Born into an eccentric hippie family in 1969, Cea spent the first decade of her life living in and out of tipis in the Canadian wilderness and surviving reckless adventures with her young mother. Cea was launched into an international modeling career at age thirteen. She worked successfully as a model for the next two decades, living in New York, Los Angeles, Paris, Munich, Hamburg, Zurich and Milan.
Cea knows a thing or two about change and what it takes to move beyond fear in order to achieve greatness.
Here is a little preview of the unique life lessons Cea will be sharing at TEDxGastownWomen.
Q) What does fearlessness mean to you?
Fearlessness to me does not mean an absence of fear, but rather a call to action. We all feel fear, but the difference is how you react to it; whether you are paralyzed by it or choose to move through it to the other side.
I have always believed in the power of change and forward motion as an antidote to fear. Gratitude is also key! The old adage to count your blessings is actually a very true and effective means to combat fear.
Fearlessness is claiming and believing in your own power to feel the fear and do what you need to do anyway. This comes with practice, so I think it's imperative to take every opportunity to tackle fear head-on, so that when life's really big challenges come along, you are prepared for them.
Q) What was your greatest mindful moment of change?
The counterculture family I grew up in was extreme. I grew up in the wilderness, living in tipis. My grandpa was particularly extreme in his ideologies, going so far as to claim that closing the door to go to the bathroom was a fearful act.
At a very early age I realized I was different from my family. I was not into marijuana or free love. I craved something that was stable and normal, which inspired my greatest mindful moment of change. I knew I wanted to be a model and then become a writer and I knew I did not want the life I currently had.
At the age of 13 I lied about my age and walked into a modeling agency to enter a modeling competition. Six months later, I was in NYC. My mother was only 16 when she had me, and completely unprepared for motherhood, so she didn't object to me going. I decided to continue my schooling, but graduated from high school a semester early. Until graduation, every summer I was in NYC and Paris from the age of 14 on. And I was often away on jobs through the school year.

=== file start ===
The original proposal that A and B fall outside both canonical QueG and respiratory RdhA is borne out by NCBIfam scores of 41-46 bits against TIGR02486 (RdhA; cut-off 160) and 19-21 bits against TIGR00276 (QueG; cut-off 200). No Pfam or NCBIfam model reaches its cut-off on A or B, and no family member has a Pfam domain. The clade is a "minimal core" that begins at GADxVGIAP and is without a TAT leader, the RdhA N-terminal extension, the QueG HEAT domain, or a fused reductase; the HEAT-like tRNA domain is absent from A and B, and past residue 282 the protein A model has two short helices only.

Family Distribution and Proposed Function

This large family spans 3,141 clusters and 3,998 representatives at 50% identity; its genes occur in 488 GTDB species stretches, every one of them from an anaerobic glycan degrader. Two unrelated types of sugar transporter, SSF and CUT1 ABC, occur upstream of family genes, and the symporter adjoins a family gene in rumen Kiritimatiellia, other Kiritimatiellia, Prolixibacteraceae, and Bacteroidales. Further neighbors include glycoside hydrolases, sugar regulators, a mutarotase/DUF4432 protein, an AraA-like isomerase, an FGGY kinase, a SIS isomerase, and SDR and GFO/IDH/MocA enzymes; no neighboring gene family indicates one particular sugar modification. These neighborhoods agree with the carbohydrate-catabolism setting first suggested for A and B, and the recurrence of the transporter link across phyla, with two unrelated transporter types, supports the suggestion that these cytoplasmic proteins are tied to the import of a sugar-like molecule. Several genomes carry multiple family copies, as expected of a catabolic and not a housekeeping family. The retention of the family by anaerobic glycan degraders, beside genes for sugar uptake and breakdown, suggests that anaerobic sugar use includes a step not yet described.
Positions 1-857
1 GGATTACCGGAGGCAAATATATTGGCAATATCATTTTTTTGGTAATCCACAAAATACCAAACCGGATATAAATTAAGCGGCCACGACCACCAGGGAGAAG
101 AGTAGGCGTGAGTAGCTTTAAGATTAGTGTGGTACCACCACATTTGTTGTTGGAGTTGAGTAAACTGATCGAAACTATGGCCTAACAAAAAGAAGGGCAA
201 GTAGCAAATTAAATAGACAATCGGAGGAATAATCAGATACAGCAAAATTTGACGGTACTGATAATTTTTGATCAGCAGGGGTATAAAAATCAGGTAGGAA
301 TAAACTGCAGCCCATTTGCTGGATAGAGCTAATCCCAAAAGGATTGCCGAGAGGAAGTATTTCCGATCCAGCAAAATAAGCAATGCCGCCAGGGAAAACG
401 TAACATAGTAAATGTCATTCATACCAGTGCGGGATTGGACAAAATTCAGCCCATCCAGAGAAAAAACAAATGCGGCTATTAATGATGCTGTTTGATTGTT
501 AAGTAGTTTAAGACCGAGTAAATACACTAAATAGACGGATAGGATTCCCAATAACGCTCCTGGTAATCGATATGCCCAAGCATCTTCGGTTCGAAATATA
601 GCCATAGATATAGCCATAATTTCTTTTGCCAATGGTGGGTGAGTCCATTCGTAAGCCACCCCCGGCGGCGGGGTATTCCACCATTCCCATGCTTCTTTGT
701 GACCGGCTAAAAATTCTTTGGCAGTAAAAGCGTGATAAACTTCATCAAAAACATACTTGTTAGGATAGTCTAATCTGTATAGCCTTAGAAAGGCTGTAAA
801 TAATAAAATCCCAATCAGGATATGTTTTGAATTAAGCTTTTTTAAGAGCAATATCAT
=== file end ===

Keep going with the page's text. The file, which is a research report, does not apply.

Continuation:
Modeling, I soon learned, wasn't what I had thought it would be. Of course, I had hoped to be discovered by Vogue the first time I took a photo, but the reality was that I live in cockroach-infested apartments and took the subway home from jobs in the middle of the night. But I never questioned or looked back at my decision. Modelling was my escape route, so I was willing to put my time in to make my dreams happen. And eventually, they did.
Another mindful moment for me was when I decided to write my memoir. I had spent most of my twenties and thirties feeling depressed and like an outcast, but I was so concerned with showing the world a happy and functioning persona. I wasn't really being honest with myself about the effect my past had had on me. When I realized that telling my story could help others, it took the focus off of myself and allowed me to finally be honest about my history. This resulted in an amazing healing process for myself while also helping my readers.
Q) What is the key for embracing change?
I see most situations of change as growth, and opportunity. I think people need to look at change and decide what is scarier, staying in a situation that is not working, or changing the situation and embracing the new?
When faced with negative change, such as an illness or death or a lost job, I try to see these as part of my personal journey and ask myself what I can learn from the situation, or possibly take away from it to help others.
Overall, I believe that positive visualization (holding the outcome in your mind of what you want your life to be like) is key to seeing change in a positive light, and trusting in it to lead you in the right direction.
Posted By: Nicole Parmar
Photo Credit: Suzanne Rushton Photography